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Designing websites for low bandwidth

October 19, 2009  »  WebNo Comment

The lowest common denominator is the first issue a web designer needs to address. The type of connection and the type of computer used to access a websit will dictate if a website can load at all. Such forethought is especially necessary for websites that target users in developing nations, such as Africa. Few people want to wait for a minute or more for a high resolution image (that may not even be completely relevant to the article) to load. In that same minute, a user could read multiple paragraphs of useful text. oAfrica.com, for example, takes 9.1 seconds to load over a fast connection, with images composing 60% of the 486kb. Not a good sign. In fact, this site would take nearly 6 minutes to load over a 14.4 modem, under ideal conditions. Fortunately, the Onlina Africa mobile page is only 29kb, close to the ideal 25kb size based on average bandwidth speeds at African universities.

In the United States, media-intensive sites rely on uncongested broadband connections that can transfer at 256kbps or more and have much less latency than satellite transfers. However, most Africans rely on either:

  1. congested broadband connections whose speed is far from ideal
  2. satellite connections where the transfer latency is around 250ms
  3. dial-up

Some users, particularly in South Africa or along the coasts where undersea cables terminate, do have moderately fast connections and can enjoy more advanced web design. However, adequate connection speeds can be spotty, and vary with time of day, so quality is by no means guaranteed over a private line or internet café. Even universities with 1.2Mbps connections have greatly reduced bandwidth per computer if only 5% of the network is accessing the Internet. Finally, greater numbers of users are accessing websites via low-res mobile devices connected to sub-3G networks.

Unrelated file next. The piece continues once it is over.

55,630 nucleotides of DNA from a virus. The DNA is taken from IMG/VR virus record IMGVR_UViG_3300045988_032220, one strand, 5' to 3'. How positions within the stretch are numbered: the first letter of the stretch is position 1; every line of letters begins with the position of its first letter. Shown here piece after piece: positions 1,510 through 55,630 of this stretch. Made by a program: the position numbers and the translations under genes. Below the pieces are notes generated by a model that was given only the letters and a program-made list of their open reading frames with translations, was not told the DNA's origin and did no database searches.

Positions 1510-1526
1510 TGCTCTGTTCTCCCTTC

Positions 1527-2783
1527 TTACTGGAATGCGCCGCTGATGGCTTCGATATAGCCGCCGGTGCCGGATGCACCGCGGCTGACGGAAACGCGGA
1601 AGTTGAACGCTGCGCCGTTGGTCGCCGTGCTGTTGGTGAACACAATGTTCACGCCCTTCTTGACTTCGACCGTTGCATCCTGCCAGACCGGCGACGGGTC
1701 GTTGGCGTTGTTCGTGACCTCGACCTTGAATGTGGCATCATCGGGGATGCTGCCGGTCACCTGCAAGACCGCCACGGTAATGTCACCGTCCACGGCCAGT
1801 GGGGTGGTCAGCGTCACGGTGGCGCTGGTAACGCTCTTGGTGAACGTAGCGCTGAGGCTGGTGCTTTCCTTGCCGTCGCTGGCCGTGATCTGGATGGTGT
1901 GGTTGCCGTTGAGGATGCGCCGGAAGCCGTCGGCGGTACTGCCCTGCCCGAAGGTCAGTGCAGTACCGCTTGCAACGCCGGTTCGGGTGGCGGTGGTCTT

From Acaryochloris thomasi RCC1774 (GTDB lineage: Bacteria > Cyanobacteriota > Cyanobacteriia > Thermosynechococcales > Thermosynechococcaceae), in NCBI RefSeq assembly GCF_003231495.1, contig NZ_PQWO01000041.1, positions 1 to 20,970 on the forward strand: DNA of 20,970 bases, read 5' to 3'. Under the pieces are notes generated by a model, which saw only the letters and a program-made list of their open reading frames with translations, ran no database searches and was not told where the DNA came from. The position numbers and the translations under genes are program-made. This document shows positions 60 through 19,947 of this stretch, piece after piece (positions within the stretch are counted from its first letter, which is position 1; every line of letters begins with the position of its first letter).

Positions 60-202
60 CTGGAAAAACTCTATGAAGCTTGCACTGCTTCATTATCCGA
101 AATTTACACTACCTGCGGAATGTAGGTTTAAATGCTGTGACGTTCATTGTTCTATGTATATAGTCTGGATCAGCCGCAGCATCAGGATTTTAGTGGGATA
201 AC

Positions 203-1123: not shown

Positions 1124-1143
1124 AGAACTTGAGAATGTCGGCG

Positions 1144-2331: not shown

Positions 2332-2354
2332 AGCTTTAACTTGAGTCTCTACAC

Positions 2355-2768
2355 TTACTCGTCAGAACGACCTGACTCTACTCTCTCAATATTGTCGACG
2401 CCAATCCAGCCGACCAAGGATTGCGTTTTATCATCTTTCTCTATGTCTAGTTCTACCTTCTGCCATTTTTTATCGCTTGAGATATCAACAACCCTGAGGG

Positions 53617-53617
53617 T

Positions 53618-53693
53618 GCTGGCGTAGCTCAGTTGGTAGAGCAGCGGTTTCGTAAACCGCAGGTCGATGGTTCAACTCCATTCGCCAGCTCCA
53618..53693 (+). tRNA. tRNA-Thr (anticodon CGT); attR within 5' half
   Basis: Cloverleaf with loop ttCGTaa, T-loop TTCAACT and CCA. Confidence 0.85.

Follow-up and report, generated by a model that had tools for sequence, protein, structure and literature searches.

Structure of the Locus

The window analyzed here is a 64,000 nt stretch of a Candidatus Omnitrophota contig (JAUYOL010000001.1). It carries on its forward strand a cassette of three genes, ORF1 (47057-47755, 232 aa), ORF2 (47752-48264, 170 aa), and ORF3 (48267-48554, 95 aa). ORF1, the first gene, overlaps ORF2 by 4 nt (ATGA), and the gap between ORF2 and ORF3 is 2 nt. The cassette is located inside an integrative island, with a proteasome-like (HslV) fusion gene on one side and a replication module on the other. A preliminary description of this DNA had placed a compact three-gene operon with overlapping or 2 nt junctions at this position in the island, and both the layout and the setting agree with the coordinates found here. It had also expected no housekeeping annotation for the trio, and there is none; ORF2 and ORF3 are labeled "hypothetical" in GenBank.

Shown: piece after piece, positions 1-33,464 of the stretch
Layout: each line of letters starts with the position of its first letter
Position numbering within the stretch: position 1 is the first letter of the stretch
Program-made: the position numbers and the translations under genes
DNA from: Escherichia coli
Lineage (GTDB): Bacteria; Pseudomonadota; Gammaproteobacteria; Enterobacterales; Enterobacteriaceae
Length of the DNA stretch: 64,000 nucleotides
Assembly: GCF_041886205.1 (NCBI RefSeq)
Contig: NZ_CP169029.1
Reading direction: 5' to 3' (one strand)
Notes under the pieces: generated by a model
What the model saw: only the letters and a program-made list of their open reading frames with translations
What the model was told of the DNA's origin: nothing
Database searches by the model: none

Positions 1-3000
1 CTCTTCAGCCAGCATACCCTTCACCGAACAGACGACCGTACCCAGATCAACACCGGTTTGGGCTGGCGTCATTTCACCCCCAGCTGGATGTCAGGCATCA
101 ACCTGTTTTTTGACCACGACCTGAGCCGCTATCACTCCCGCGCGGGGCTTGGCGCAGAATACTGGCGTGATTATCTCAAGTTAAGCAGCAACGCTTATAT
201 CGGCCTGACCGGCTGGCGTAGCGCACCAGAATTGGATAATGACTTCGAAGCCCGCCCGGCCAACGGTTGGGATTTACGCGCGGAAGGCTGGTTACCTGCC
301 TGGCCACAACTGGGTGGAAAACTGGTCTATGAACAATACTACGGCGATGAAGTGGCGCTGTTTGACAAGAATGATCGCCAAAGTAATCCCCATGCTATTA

However, this doesn’t mean that a site needs to be written in text-only HTML (View oAfrica.com in text format). Fortunately, there are multiple sources that explain web design guidelines for low bandwidth, most notably, a page at aptivate.org. Some suggestions:

  • Don’t create pages greater than 25kb. The goal is to have a 10-15 second load time at 20kbps – a very tough task. If useful data appears within 2 seconds, visitors will wait up to 30 seconds.
  • Use CSS to reduce images and maintain a clean site structure. Don’t require more than a couple of clicks.
  • Allow pages to be cached. This will reduce the load time for frequent visitors.
  • Avoid PDFs and scripting. If links to large files are necessary, show the file size.
  • Content is king: put useful information first.

Additionally, Africa is a nation whose culture is heavily rooted in oral communication. Video is a great tool, and is certainly more entertaining than words, but perhaps is not as useful to the typical African internet user. If rich media is to be used, the Science Media Network provides some insight:

  • Provide MP3 at 32kbps, and provide a text-alternative, when possible. Never auto-load a media file.
  • Try to encode video in Flash+H.264. Never use uncompressed video.

In the meantime, Africans with slow internet connections must realize that they are at a disadvantage to much of the world. Thus far, it seems as if African internet users have great patience. According to Alexa, YouTube is typically one of the ten most popular sites in every African country.

Update (10/20/09): John Liebhardt at Global Voices Online has written an excellent post on this very subject. He stresses the importance of low-band design in order to serve the mobile audience.